You & Your Money

The Nation's Credit Rating was Downgraded & Interest Rates Were Raised: What That Means For You

October 04, 2023 Weiss, Hale & Zahansky Strategic Wealth Advisors Season 2 Episode 38
You & Your Money
The Nation's Credit Rating was Downgraded & Interest Rates Were Raised: What That Means For You
Show Notes Transcript

⚠️ Concerned that the U.S. credit rating was downgraded and interest rates were raised? 💥

Tune in to see why this isn't likely to affect the financial markets long-term on the latest #YouandYourMoney podcast, with Michael Baum, CFP®, RICP®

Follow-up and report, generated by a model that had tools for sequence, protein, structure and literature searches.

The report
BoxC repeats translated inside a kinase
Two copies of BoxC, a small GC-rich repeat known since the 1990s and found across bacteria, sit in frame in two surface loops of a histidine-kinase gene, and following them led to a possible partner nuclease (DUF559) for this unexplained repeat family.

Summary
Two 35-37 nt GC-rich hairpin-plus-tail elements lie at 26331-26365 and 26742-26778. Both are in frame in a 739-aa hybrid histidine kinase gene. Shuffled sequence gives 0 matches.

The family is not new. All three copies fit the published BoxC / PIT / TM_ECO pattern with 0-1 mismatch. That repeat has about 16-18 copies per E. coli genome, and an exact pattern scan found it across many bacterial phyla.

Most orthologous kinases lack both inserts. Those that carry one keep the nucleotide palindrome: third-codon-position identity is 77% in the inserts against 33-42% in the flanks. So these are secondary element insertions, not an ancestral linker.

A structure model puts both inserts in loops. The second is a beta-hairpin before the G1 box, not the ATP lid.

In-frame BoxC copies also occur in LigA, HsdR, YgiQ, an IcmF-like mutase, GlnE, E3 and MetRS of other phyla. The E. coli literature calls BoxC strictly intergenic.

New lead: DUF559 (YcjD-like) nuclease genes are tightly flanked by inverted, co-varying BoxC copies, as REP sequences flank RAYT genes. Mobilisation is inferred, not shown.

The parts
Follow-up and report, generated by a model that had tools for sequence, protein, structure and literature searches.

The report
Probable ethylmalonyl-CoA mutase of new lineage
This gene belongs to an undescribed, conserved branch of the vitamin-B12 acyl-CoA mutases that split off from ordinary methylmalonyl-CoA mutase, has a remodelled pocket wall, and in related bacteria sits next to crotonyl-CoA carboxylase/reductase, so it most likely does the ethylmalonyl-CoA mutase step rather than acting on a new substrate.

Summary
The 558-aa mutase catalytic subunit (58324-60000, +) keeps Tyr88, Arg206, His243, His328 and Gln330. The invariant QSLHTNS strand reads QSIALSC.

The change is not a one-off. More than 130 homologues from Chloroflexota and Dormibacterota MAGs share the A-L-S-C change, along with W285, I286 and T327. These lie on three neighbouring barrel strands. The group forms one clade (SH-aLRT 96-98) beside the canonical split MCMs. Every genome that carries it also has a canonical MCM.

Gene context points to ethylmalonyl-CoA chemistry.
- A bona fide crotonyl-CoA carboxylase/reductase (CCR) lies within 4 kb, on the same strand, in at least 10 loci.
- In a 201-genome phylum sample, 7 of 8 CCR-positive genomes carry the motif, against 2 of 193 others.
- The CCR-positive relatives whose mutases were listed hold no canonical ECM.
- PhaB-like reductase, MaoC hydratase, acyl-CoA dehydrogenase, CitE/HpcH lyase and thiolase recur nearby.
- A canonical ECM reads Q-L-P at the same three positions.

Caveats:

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Welcome to You and Your Money. Empowering you to reach your goals with tips to help you Plan Well, Invest Well and Live Well. Today's episode features Michael Baum, vice president and associate financial advisor at Weiss, Hale and Zahansky Strategic Wealth Advisors. Let's dig in to today's topic. Take it away Mike. Now let's get into our topics. First topic is the recent credit rating downgrade of the United States. So give us a brief overview of that situation. Certainly, Gary. So on August 1st, one of the three main credit rating agencies, Fitch, downgraded the U.S. credit rating from triple-A to Double-A plus. That's the that's the headline. It's a downgrade in the credit rating. Sounds like really, really bad news. However, this is not the first time that this has happened. So the one of the other three main credit ratings, S&P actually downgraded the U.S. credit rating in 2011 due to concerns over a political disputes and the debt ceiling standoffs. And they've actually never raised that back to triple-A. So we've had at least one of the three credit rating agencies rating them a plus for over ten years now. Fitch's recent downgrade was primarily due to these same reasons, political dysfunction and other factors, such as rising deficits and tighter monetary policies. But it's important to note that Double-A Plus is still considered investment grade, meaning the borrower is still considered financially strong, with a strong likelihood of repaying their debts and very, very low risk of default. Due to political dysfunction. I like the way you phrase that, and I know I know what you're talking about. All right. So thank you for that. Mike Now, the historical context is crucial to understanding the significance of this move. Can you elaborate on the potential market impact of that downgrade? Yeah, I don't want to make light of it because it's certainly noteworthy and newsworthy, but it seems like there's a minimal market impact this time around. Okay. So unlike 2011, when when S&P downgraded the credit rating, we haven't seen any major market sell off triggered by the downgrade. Investors seem to be taking it mostly in stride, likely because the U.S. had already been rated A-plus by S&P for over a decade without any major repercussions. The timing of the downgrade announcement has raised questions. However, given the strong economic reports we've seen lately. All right, fair enough. And thanks for that clarification. Let's shift to our second topic. Michael. The ongoing federal interest rate hikes, everyone's talking about it. You mentioned that earlier. Could you briefly explain what these hikes entail and their purpose? Certainly so that when the Federal Reserve raises its benchmark interest rate, borrowing becomes more expensive for banks, which of course, they pass along to consumers. So businesses and individuals who need to borrow money are going to be paying more to access those funds. This is done with the goal of slowing down the economy as a means of managing inflation, because if businesses and people can't get access to easy and free money, they'll probably need to be a little bit more careful about how they spend. So the most recent rate hike in July was the 11th hike in the last 17 months, and over those 17 months, the benchmark interest rate has risen from near zero to well over 5%. Okay. Thank you again for that context. So it's obvious how it affects consumers, businesses, commercial lending, that kind of thing. But how do interest rates, interest rate hikes affect the stock market and investors? Good question, Gary. So the interest rate hikes of the past year and a half have been really extreme, like I was saying. And it's not just that the rates have increased, they've increased very sharply. And the speed and and sharpness of those increases has brought it to a 22 year high, meaning it hasn't been this expensive to borrow money since 2001. Investors don't like uncertainty and neither do the markets and rapidly shifting interest rate environments leads to uncertainty, especially in 2022, where we saw temporary stock dips and increased volatility. So for businesses, higher borrowing costs can impact profitability and their stock prices and rising interest rates tend to make people want to shift to safer assets like bonds where they can get, you know, a safer, more secure return and takes some of the investment focus away from stocks. All right. Again, great explanation. The word strategic is in your title. Let's talk strategies. What strategies do you recommend, Michael, for investors to navigate these potential impacts? All right. So first and foremost, stay informed. So keep an eye on the Federal Reserve statements and the economic indicators that they're watching to to lead or drive anticipated rate changes. While we believe we're nearing the end of the rate hike cycle. Rate hike cycle, the Fed has been clear that they will take a data driven approach so we can really follow the data to try to get ahead of what might come next. And, you know, how are we guiding our clients through this time? I would say, you know, stay diversified, spread your portfolio across different asset classes to mitigate risk. And, you know, if you have a lot of cash that you're sitting on right now, it's definitely a good opportunity to get a really strong yield with taking very little risk. And that's something that we couldn't say over the last ten or 15 years. Absolutely. All right. Again, great advice, Mike. Two big important topics that's affecting affect affecting us all in one way or another. So what should individuals do if they're concerned about these financial developments? What do we do? Well, of course, I'm biased, but I would say it's essential to consult a financial advisor. Call Michael Baum, okay. If you're concerned about the credit downgrade or interest rate hikes or just anything that you're reading in the news, I think it's really important that you seek guidance. You know, my colleagues and I at Weiss, Hale and Zahansky Strategic Wealth Advisors offer tailored advice and strategies through our Plan Well, Invest Well, Live Well process. And that's all designed to help you achieve your financial goals and dreams. Yeah, that's great, Mike. And to our listeners, remember, understanding these financial intricacies is key to making informed decisions. So whether it's creating credit rating downgrades or interest rate hikes, staying informed and seeking professional and advice can help you secure your financial future. And if you have questions or need assistance, don't hesitate to call. It's Weiss,Hale and Zahansky. Strategic Wealth Advisors. 860-928-2341. You can also schedule a consultation on their website and go ahead and do that. Pretty good advice there. Hey Mike, again, thank you for sharing your advice and your thoughts here today. My pleasure, Gary. Happy to shed light on these important topics. Indeed. That's it for today. Thanks for listening. You and Your Money find even more episodes, videos and other resources at our web site, whzwealth.com. Be sure to come back next week for more tips to help you live fearlessy and pursue your financial and life goals. Until then, live well. Weiss, Hale and Zahansky Strategic Wealth Advisors offer securities and advisory services through Commonwealth Financial Network member FINRA/SIPC, a registered Investment advisor. Fixed insurance products and services offered through CES Insurance Agency. They practice at 697 Pomfret Street. Pomfret Center, Connecticut, 06259 and can be reached at 860-928-2341. Weiss, Hale and Zahansky Strategic Wealth advisors do not provide legal or tax advice. The tenured financial services team strive to support clients in achieving their financial life goals. For more information regarding wealth management and customize financial planning with Weiss, Hale and Zahansky Strategic Wealth Advisors, please visit. www.whzwealth.com.